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Deputy Defense Secretary William Lynn
Deputy Defense Secretary William Lynn (DOD)

WASHINGTON — Up to half of the Defense Department’s civilian employees would be furloughed and the rest would work without pay if the budget stalemate in Congress forces a government shutdown, according to the Pentagon’s top budget officials.

Deputy Secretary of Defense William Lynn told members of a Senate Appropriations subcommittee on Tuesday that if that happens “it would cause enormous disruption, it would cause enormous distraction, and it’s something I think the country would want to avoid while we are at war.”

Pentagon officials said in a statement last week that troops in war zones and elsewhere would be shielded in the event of a government shutdown, as would other activities deemed essential.

But Lynn said if a long-term budget resolution isn’t reached, up to half of the civilian employees for the department would be furloughed.

Essential civilian workers would be allowed to work, “but we would be unable to pay them,” he said.

After the hearing, Lynn declined to offer specifics on which employees will continue working and which will be furloughed, saying that supervisors have not yet been told all of the details.

“We’re working hard to try and avoid this,” he said. Senators on the panel said they hope a shutdown can be avoided.Sen. Daniel Inouye, D-Hawaii, said he is still optimistic that “cooler heads will prevail.”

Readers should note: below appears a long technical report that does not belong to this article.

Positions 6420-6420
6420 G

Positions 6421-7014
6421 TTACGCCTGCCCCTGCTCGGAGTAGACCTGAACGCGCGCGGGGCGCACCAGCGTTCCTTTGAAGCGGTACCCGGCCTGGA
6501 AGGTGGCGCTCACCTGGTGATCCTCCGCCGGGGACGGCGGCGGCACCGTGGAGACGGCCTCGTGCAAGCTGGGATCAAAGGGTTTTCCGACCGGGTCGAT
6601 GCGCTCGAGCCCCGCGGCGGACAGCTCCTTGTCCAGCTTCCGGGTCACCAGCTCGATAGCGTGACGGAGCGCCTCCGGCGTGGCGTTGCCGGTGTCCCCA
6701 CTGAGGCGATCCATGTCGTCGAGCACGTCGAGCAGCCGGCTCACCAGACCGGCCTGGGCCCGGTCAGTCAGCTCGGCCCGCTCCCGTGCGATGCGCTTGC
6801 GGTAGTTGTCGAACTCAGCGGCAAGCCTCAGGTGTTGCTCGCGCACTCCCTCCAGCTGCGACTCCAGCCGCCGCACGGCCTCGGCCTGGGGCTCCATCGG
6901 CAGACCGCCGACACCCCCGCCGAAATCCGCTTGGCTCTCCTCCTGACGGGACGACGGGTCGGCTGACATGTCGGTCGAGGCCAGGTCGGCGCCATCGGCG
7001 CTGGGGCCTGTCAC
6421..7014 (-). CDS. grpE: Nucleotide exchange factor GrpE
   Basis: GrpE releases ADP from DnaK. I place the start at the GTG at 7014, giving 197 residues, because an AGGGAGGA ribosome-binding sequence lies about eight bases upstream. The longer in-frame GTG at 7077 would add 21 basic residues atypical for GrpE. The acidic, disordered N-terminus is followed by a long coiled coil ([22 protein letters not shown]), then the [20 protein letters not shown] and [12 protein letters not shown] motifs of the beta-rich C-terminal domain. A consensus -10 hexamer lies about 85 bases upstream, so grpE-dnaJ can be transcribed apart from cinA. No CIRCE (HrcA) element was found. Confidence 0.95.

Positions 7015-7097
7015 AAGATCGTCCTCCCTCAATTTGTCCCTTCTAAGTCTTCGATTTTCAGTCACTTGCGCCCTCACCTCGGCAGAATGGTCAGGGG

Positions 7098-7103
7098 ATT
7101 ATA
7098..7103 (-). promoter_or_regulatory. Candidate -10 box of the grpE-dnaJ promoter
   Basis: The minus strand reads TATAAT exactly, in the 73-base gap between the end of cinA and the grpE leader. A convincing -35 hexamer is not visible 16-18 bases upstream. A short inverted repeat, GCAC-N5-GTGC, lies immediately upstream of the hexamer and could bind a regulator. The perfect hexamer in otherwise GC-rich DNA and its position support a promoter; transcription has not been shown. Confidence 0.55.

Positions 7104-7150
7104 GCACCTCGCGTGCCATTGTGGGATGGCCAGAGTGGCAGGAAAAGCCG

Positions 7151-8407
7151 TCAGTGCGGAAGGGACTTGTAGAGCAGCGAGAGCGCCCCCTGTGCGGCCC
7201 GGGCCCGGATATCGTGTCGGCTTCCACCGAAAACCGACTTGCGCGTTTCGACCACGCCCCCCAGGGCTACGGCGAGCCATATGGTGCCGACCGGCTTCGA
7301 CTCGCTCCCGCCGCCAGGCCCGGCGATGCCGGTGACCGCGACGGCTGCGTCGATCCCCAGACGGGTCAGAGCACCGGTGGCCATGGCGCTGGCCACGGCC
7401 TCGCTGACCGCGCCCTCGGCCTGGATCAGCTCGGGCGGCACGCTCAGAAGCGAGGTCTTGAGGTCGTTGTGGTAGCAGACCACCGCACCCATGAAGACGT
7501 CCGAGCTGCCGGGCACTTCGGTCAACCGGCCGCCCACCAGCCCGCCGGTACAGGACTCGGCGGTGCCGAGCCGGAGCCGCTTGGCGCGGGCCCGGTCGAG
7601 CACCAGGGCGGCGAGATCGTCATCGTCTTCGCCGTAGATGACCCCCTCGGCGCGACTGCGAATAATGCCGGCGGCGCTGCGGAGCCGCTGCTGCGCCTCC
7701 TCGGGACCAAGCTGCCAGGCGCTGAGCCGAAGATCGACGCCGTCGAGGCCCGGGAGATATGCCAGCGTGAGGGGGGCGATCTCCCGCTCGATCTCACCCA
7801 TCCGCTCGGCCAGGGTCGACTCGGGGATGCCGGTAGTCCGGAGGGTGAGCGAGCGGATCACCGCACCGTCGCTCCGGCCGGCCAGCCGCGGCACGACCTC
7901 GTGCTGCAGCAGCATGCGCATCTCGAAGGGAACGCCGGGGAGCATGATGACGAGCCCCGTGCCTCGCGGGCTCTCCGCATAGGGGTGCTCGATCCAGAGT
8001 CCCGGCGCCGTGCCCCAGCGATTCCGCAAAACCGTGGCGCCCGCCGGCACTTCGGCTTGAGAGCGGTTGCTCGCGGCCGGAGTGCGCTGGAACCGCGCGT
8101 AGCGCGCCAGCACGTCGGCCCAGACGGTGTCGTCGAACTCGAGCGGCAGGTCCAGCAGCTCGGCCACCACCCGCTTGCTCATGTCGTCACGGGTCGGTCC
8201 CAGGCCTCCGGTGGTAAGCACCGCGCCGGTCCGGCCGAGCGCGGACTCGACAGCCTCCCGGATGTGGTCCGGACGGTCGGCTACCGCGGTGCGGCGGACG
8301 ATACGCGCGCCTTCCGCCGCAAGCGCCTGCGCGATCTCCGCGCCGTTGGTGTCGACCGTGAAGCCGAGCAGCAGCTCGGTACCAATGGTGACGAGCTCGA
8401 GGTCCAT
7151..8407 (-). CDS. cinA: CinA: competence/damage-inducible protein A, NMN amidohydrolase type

On Tuesday, Senate Democrats said they would back a House plan that would fund the government until March 18, allowing lawmakers two more weeks to reconcile their funding fights.

The existing budget bill had been set to expire this Friday night.

House Republicans have said they want to drastically cut government spending now, but Democratic lawmakers have pushed for at minimum funding operations near fiscal 2010 levels until October.

The Republican-controlled House has already passed a budget bill funding the government for the next seven months, but Democrats who control the Senate have blasted spending cuts in that proposal as too severe.

In a prepared statement last week, Defense Department officials said that deployed troops and “other operations for the safety of human life and protection of property” would be exempt from the government shut down, but “all other activities would need to be shut down in an orderly and deliberate fashion.”

In a press conference last month, House Minority Leader Nancy Pelosi, D-Calif., said that a government shutdown would mean that troops would also see their paychecks stopped, but Pentagon officials would not confirm that.

Stars and Stripes reporter Chris Carroll contributed to this story.


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